Aguilera, F O. Léxico Español-Kawésqar, Kawésqar-Español: Alacalufe Septentrional. Santiago, Chile: Centro de Investigaciones Linguístico-Antropológicas Rudolf Lenz, 1976.

---.  “Documenting Kawesqar, the last spoken Fueguian language.” <>.  2004. 

Both of these works are concerned with explicating the structures, grammar, and usages of the unique Kawesqar language.  Both works also encourage the preservation of that language, and detail the history of the preservation efforts up to the time of their publication.

---. “Los Relatos De Viaje Kawésqar, Su Estructura Y Referencia De Personas.” Magallania. 39.1 (2011): 119-145.

This more recent work focuses on some of the myths, stories and travel narratives of the Kawesqar people.  Includes some very interesting translations of Kawesqar oral narratives.

Online Resources:

Chilean Bureau of Indian Affairs:

Includes information about efforts to preserve indigenous communities and to develop equitable relationships between those communities and other Chilean populations.

Official website for international Mapuche organization Mapuche International Link (MIL):

Politically-oriented website includes lots of news stories about the Mapuche plight against prejudice and injustice perpetrated by the Chilean and Argentinean governments and other groups.  Focused on improving the conditions for Mapuche people around the world.  Not much cultural information.

Pais Mapuche website:  Online, Spanish-language newspaper covering stories pertaining to political and cultural struggles of the Mapuche peoples.

Museo de la Patagonia Argentinean website on the Mapuche: Very informative, English-language website that includes thorough descriptions of a variety of aspects of Mapuche life, including social organization and family of the Mapuche, religious beliefs and cosmogony, and silversmithing.

Mapuche page on Unrepresented Nations and Peoples Organization website:

Includes statistical data on population, languages, and religions of the Mapuche. Also features a great deal of informative historical and cultural background.  Also discusses current events and concerns pertaining to the Mapuche. 

University of Chile’s site on the Kawesqar:

This thorough, academic, and interactive website provides a wealth of information about Kawesqar life.  Topics covered include Kawesqar language, histories, and cultural practices, places where the Kawesqar currently live, Kawesqar mythology, and also analytical works about the Kawesqar.  The section on cultural practices and history (, details the interactions between the Kawesqar and the Chilean government and military.  The section proceeds to discuss the housing, domestic gender roles, and daily lives of the Kawesqar as they are known today.  The section also endeavors to explain the ideas of property, community, and governance prevalent among the Kawesqar.  The canoeing by which the Kawesqar have so often been identified is also mentioned.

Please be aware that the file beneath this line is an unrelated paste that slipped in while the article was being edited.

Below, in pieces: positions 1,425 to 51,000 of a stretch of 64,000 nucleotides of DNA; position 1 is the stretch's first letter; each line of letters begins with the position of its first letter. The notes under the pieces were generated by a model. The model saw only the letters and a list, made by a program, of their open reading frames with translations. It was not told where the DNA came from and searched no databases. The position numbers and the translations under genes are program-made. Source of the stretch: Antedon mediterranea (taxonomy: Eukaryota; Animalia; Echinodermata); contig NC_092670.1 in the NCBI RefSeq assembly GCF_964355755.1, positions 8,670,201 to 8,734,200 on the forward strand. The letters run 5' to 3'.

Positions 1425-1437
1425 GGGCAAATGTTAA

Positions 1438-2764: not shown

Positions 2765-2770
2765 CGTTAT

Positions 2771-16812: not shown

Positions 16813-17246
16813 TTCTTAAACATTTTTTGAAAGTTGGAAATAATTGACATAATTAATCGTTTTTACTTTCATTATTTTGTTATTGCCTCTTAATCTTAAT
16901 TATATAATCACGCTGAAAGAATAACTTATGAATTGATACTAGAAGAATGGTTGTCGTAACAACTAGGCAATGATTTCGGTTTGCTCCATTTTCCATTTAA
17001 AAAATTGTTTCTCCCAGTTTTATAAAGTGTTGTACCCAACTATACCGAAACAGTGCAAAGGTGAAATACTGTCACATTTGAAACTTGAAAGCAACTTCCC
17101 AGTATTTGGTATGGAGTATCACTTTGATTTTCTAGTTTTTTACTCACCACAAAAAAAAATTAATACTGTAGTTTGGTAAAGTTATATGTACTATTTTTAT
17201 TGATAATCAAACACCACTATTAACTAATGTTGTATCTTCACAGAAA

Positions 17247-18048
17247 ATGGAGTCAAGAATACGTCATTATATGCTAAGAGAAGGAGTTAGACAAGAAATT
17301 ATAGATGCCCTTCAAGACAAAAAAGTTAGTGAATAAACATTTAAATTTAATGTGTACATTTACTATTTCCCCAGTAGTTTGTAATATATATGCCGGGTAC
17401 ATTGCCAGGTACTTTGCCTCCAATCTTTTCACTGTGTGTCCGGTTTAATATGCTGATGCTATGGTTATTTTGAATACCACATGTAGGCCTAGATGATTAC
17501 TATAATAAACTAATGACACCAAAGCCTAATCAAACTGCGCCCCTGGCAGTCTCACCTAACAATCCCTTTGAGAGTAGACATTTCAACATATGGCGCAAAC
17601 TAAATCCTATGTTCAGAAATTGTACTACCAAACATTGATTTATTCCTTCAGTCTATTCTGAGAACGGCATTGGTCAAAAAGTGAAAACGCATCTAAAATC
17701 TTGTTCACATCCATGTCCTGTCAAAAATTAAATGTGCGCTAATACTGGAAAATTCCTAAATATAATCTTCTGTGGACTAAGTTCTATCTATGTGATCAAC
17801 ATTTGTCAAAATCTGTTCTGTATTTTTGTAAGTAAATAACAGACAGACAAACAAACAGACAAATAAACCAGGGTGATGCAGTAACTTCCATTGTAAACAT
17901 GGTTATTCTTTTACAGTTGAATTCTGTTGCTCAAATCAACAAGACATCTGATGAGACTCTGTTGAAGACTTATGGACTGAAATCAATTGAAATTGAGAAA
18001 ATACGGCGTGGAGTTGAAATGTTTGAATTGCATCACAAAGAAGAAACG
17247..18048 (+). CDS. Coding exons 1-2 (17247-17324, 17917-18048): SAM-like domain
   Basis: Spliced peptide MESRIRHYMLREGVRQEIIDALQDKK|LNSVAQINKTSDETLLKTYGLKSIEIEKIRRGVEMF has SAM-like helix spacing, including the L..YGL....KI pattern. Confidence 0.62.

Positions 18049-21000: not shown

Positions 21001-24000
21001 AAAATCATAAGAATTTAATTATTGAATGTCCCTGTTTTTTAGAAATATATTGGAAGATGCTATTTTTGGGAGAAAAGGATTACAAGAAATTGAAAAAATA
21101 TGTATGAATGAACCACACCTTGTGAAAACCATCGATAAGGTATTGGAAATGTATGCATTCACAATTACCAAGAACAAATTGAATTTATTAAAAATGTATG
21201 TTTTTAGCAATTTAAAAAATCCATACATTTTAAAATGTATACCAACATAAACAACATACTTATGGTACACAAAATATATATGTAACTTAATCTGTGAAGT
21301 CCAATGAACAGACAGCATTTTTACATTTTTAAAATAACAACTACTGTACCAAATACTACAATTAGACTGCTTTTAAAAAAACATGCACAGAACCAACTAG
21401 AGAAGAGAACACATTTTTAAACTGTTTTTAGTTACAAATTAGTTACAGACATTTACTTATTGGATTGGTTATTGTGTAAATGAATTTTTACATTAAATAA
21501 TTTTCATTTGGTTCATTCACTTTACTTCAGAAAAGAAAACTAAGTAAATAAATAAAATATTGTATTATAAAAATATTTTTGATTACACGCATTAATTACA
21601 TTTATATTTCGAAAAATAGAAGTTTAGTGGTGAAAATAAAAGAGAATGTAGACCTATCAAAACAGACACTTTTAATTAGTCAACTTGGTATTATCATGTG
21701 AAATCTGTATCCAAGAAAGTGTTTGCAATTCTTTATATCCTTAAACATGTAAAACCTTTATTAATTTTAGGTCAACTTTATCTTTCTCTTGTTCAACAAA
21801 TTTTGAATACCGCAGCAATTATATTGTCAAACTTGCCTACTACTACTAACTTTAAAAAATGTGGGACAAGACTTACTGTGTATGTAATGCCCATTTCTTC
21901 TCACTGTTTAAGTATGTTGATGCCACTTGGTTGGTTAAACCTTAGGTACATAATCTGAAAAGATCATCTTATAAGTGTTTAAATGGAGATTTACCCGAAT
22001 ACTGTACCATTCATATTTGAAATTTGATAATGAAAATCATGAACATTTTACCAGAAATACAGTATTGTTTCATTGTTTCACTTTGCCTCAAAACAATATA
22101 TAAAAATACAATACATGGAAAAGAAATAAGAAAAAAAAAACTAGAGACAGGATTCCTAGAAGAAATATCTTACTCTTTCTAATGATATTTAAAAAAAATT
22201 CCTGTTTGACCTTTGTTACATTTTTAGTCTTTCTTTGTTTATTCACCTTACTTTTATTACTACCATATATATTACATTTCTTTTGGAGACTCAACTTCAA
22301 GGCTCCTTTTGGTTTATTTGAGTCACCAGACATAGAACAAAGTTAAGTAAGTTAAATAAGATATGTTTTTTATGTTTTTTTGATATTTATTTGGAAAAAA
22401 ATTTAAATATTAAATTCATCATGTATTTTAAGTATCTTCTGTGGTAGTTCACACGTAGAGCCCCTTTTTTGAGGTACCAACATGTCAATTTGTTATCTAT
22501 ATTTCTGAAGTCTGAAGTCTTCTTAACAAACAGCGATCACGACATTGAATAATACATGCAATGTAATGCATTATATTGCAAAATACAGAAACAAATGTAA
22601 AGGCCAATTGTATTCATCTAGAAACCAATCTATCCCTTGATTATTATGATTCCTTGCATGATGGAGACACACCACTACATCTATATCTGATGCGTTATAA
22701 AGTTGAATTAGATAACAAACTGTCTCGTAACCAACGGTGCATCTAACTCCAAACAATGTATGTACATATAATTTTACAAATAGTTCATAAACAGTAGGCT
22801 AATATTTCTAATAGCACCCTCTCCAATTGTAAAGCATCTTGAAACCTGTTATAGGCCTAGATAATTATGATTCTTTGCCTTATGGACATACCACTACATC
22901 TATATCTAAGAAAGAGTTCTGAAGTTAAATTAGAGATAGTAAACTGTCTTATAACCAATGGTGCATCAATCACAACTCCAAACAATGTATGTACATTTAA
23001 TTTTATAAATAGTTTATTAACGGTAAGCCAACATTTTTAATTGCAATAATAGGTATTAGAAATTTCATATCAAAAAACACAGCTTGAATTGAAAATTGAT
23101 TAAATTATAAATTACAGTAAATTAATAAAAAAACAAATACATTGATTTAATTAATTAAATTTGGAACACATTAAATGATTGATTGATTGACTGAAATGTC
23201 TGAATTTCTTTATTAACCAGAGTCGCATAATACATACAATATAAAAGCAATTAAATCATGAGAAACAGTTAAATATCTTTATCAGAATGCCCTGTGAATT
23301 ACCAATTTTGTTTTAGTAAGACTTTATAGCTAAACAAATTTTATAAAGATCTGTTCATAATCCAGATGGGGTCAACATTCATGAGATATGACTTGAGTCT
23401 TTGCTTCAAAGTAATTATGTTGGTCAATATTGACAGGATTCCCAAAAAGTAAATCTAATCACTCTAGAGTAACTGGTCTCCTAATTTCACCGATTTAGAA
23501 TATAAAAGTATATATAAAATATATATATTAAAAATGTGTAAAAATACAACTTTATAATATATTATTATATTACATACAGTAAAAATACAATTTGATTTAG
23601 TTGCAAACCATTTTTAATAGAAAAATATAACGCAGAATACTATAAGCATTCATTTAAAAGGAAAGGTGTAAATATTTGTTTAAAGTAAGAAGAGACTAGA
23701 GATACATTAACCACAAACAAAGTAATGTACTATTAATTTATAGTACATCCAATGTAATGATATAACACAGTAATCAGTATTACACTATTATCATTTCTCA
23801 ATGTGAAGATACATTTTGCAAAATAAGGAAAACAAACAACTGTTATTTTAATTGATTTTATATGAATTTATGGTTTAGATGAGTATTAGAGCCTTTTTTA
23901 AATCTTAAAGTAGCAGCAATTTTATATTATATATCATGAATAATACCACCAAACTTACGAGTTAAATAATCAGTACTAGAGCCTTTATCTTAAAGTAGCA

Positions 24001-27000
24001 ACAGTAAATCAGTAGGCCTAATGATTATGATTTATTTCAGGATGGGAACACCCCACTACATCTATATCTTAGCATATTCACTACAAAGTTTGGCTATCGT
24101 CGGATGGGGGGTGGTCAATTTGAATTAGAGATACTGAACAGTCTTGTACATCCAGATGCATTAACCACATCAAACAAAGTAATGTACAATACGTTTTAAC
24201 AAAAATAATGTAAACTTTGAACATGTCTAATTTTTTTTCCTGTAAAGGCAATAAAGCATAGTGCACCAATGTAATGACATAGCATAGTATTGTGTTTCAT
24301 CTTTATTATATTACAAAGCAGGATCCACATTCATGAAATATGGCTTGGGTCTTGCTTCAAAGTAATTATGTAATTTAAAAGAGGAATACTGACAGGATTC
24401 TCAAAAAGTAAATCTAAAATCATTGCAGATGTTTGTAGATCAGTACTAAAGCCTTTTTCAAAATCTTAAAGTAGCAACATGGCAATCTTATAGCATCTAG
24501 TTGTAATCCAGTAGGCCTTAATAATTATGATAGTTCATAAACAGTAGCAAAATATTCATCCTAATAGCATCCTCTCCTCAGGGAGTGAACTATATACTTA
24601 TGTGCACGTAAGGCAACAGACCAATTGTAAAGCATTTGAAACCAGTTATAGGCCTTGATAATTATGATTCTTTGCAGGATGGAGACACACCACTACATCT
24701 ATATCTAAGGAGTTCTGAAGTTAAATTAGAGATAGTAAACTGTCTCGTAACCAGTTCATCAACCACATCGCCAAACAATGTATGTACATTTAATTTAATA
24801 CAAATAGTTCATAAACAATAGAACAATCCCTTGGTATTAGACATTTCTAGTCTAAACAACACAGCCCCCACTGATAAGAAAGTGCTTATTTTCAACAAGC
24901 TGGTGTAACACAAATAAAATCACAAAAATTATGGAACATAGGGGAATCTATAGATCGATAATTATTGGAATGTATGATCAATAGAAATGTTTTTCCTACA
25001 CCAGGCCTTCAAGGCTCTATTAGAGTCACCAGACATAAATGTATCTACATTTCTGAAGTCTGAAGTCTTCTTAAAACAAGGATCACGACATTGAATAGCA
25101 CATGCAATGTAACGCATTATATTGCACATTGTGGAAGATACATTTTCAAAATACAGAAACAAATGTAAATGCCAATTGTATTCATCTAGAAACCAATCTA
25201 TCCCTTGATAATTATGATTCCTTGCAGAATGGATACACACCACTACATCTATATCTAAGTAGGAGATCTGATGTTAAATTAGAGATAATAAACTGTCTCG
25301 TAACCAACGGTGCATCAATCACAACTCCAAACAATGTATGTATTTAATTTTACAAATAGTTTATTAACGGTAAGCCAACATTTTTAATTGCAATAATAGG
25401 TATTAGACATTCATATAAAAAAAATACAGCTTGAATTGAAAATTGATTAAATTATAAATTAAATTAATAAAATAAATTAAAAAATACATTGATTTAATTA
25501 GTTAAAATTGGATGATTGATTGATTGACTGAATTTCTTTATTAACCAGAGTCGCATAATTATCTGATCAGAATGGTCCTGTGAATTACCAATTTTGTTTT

Argentinean website on the Kawesqar:

Discusses some of the traditions, beliefs and customs of the Kawesqar.  Emphasizes organizational and symbolic roles of family life in Kawesqar culture.  Gives the typical ages at which Kawesqar individuals go through puberty get married.  This article makes the point that the family is the principal model of governance among the Kawesqar, and that each family functions independently of other families or organizational institutions.

Smithsonian Institution’s page on Kawesqar:

Identifies the Kawesqar as nomadic sea-faring peoples who navigate by canoe.  Also mentions that very few Kawesqar people remain, thereby making it difficult for younger generations to preserve their native culture.

New York Times article on the Kawesqar from 2004:

Focuses mostly on the dying out of the Kawesqar language, but also includes some interesting historical and cultural background.

--Adam Iddings, 2013